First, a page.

For the last 200,000 years or so, modern humans – our primal ancestors – have learned to survive and thrive on the foods that were endemic to the areas of the world where these people lived. The DNA of our ancestors slowly evolved to become the blueprint, which guides our lives today. Our gut microbiome, which is continuously evolving more rapidly than our human cells, plays one of the most important roles in our overall health.[2] Our human cells and our gut microbiome require specific foods to provide the nutrients for us to survive and thrive, just as was true for our primal ancestors.


There is enormous variation in the foods that can provide our body with everything it needs. However, over-processed foods, ingested chemicals and medicines, and an overly-antiseptic lifestyle have caused our cells and our microbiome to malfunction.


Fad diets are not the answer. The “next best thing” should be The Real Diet. We need to return to a nutrient-dense, anti-inflammatory way of eating supported by a lifestyle embedded with efficient exercise, restorative sleep, and reduction in all forms of stresses on the body.



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Healthy Foods – Healthy Mouth

Alvin H. Danenberg, DDS Nutritional Periodontist
February 12, 2018



Healthy Foods - Healthy Mouth

Healthy foods create a healthy mouth; unhealthy foods create an unhealthy mouth.


“Food is medicine”. This is not a new catchphrase. More than 2,400 years ago, Hippocrates was reported to have said, “Let food be thy medicine and medicine be thy food”. But today, modern foods are far different than the foods our primal ancestors ate.


Over-processing of foods and the addition of chemical preservatives, thickeners, emulsifiers, antibacterial agents, insecticides, fertilizers, weed killers, and genetically modified species of plants have confused our body. These “foods” have confused our digestive systems, our natural microbiome, and our genetic code – all of which direct our cellular function. Along with unhealthy changes in our food sources, other toxic substances in our environment have resulted in various types of chronic diseases. I have described these changes in some of my articles, which include links to peer-reviewed medical articles: (HERE, HERE, HERE, HERE)


Nutritious Food is Medicine; Over-Processed Food is Poison.

Ancient skeletons suggest that gum diseases and tooth decay were rare problems among our primal ancestors. Today, gum diseases and tooth decay are rare problems for the few primal societies that are still in existence in remote parts of the world.


Vegetables, fruits, nuts, and seeds that are grown in mineral-rich soils and are not contaminated with chemicals and genetic modification are healthy. They must be consumed in abundance. Animals, which are raised humanely in their natural environments and are allowed to eat the foods that their bodies were designed to digest and absorb, also are healthy and necessary for human cellular function. Although this statement is contested, there have been no vegan societies in history that have successfully lived without chronic diseases.[1]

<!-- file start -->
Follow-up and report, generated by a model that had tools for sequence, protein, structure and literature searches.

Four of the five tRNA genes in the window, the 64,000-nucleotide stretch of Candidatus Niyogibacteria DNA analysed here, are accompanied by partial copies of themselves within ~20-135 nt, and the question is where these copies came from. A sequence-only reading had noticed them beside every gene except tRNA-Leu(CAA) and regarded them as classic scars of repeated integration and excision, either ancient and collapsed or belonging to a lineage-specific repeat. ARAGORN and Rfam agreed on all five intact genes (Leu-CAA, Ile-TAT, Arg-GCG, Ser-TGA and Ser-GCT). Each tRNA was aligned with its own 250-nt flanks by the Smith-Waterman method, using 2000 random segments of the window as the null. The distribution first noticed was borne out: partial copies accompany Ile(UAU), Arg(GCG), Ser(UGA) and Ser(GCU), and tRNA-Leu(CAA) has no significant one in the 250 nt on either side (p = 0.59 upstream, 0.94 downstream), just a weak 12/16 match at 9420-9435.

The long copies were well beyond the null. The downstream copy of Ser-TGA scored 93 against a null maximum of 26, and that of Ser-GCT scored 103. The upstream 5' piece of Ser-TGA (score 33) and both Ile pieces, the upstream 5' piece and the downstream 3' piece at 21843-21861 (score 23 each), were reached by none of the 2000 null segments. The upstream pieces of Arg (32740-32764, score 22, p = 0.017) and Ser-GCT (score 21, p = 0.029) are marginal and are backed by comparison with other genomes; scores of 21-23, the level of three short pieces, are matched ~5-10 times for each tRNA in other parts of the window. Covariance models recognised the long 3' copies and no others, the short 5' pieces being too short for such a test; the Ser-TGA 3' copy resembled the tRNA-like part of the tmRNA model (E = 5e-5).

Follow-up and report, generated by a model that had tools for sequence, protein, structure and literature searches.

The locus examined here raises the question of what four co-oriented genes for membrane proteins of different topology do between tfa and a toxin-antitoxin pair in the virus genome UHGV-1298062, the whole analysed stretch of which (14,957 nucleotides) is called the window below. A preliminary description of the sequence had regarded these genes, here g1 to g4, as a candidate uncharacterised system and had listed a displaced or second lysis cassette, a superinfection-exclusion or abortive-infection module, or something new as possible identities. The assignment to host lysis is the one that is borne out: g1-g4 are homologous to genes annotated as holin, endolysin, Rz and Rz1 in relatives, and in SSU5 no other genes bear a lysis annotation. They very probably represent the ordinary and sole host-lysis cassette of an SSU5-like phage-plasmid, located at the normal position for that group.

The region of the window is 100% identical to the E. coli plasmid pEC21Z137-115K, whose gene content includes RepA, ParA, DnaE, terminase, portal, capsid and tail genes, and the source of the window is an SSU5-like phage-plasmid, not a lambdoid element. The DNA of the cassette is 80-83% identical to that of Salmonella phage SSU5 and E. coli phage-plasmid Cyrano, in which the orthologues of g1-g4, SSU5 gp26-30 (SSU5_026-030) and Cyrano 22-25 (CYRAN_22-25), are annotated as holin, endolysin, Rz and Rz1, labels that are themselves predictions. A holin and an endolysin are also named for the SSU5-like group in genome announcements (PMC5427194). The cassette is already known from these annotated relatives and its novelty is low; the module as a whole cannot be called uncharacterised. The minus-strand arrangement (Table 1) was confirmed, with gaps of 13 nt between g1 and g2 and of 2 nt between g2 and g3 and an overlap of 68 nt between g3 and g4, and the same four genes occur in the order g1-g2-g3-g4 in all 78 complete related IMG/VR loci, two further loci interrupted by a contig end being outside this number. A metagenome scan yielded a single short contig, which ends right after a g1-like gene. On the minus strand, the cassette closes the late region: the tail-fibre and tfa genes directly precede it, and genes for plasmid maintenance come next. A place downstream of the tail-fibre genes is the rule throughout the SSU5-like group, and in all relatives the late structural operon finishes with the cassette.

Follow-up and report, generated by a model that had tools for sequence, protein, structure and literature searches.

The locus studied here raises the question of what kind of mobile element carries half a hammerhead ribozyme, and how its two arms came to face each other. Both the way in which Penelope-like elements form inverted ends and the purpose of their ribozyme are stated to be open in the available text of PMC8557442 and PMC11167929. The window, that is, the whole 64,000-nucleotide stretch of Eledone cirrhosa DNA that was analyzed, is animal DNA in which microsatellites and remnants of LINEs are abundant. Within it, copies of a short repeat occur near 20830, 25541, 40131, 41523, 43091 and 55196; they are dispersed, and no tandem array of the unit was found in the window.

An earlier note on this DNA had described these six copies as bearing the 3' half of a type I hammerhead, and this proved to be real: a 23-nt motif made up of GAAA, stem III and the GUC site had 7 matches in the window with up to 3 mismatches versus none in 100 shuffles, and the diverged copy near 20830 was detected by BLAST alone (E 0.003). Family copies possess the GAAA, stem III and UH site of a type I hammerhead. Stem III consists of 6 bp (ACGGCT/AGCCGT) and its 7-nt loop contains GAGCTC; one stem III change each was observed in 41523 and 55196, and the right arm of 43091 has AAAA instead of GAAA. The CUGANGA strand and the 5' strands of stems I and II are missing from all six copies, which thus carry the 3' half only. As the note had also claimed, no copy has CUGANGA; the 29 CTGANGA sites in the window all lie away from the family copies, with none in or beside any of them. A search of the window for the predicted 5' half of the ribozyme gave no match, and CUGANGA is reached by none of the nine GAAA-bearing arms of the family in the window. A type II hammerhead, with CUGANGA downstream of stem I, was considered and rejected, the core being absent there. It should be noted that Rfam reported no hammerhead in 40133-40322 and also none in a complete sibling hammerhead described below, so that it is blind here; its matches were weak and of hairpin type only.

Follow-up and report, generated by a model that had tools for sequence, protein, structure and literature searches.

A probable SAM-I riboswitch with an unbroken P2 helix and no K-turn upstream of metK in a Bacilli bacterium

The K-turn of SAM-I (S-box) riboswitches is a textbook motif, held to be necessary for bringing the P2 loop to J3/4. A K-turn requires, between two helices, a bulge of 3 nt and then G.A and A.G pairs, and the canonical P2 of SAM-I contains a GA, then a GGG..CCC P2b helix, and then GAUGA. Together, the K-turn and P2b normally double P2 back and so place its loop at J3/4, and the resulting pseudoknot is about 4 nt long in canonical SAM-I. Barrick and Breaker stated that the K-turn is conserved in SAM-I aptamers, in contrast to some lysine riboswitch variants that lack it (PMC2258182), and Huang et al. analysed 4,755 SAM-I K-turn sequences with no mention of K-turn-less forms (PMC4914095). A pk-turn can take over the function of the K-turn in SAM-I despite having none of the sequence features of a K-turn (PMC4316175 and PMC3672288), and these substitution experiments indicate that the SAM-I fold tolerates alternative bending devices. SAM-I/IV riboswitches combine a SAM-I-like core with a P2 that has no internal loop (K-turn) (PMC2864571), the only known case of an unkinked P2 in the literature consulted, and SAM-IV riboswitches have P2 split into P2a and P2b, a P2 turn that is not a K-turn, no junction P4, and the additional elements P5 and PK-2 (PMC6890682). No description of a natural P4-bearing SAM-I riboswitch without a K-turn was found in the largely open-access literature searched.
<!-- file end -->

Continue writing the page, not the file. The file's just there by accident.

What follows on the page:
What I have written about nutrition is not just anecdotal. My statements are based on research studies on humans. For example, Dr. Baumgartner[2] and Dr. Woelber[3] have published studies in peer-reviewed journals relating food to dental health. Specifically, these two papers show how real foods with minimal processing can reverse and possible prevent dental diseases.


Specific Healthy Foods

Here are some healthy nutrients that support a healthy mouth, along with examples of foods which contain them:

  • Omega-3 fatty acids, DHA, and EPA (ex. wild-caught seafood like salmon, herring, sardines, anchovies, shellfish);
  • Vitamin C (ex. citrus fruits, dark leafy green vegetables, bell peppers, broccoli);
  • Vitamin D (ex. cod liver oil, herring, rainbow trout, pastured eggs, wild caught salmon, shitake mushrooms);
  • Antioxidants (ex. dark chocolate, various types of berries)
  • Fiber (ex. fruits, vegetables)


Specific Damaging Foods

Here is a list of foods that can damage the mouth resulting in dental diseases:

  • Free-sugars, which allow unhealthy bacteria to grow in the gut as well as the mouth. These pathogenic bacteria can produce acid levels below pH 5.5 around the tooth surface, causing tooth demineralization.[4] Free-sugars also encourage pathogenic bacteria to overgrow and create gum disease.[5],[6]
  • Grain products, which have chemicals (called phytates) that bind to nutrients in the saliva and tooth surface that can increase the potential for demineralization of the tooth surface.[7],[8] They also contain lectins and other proteins that can cause an increase in pathogenic bacteria in the gut, irritation to the gut lining, and chronic inflammation throughout the body. All these changes can compromise the body’s immune system and the health of the mouth.[9]
  • Sodas, which are very acidic – well below a pH of 5.5. Sugar-loaded sodas feed cariogenic bacteria with free-sugars.[10] Sugar-free sodas contain artificial sweeteners, which can irritate the gut and create pathogenic types of bacteria.[11]


So, What is the Bottom Line?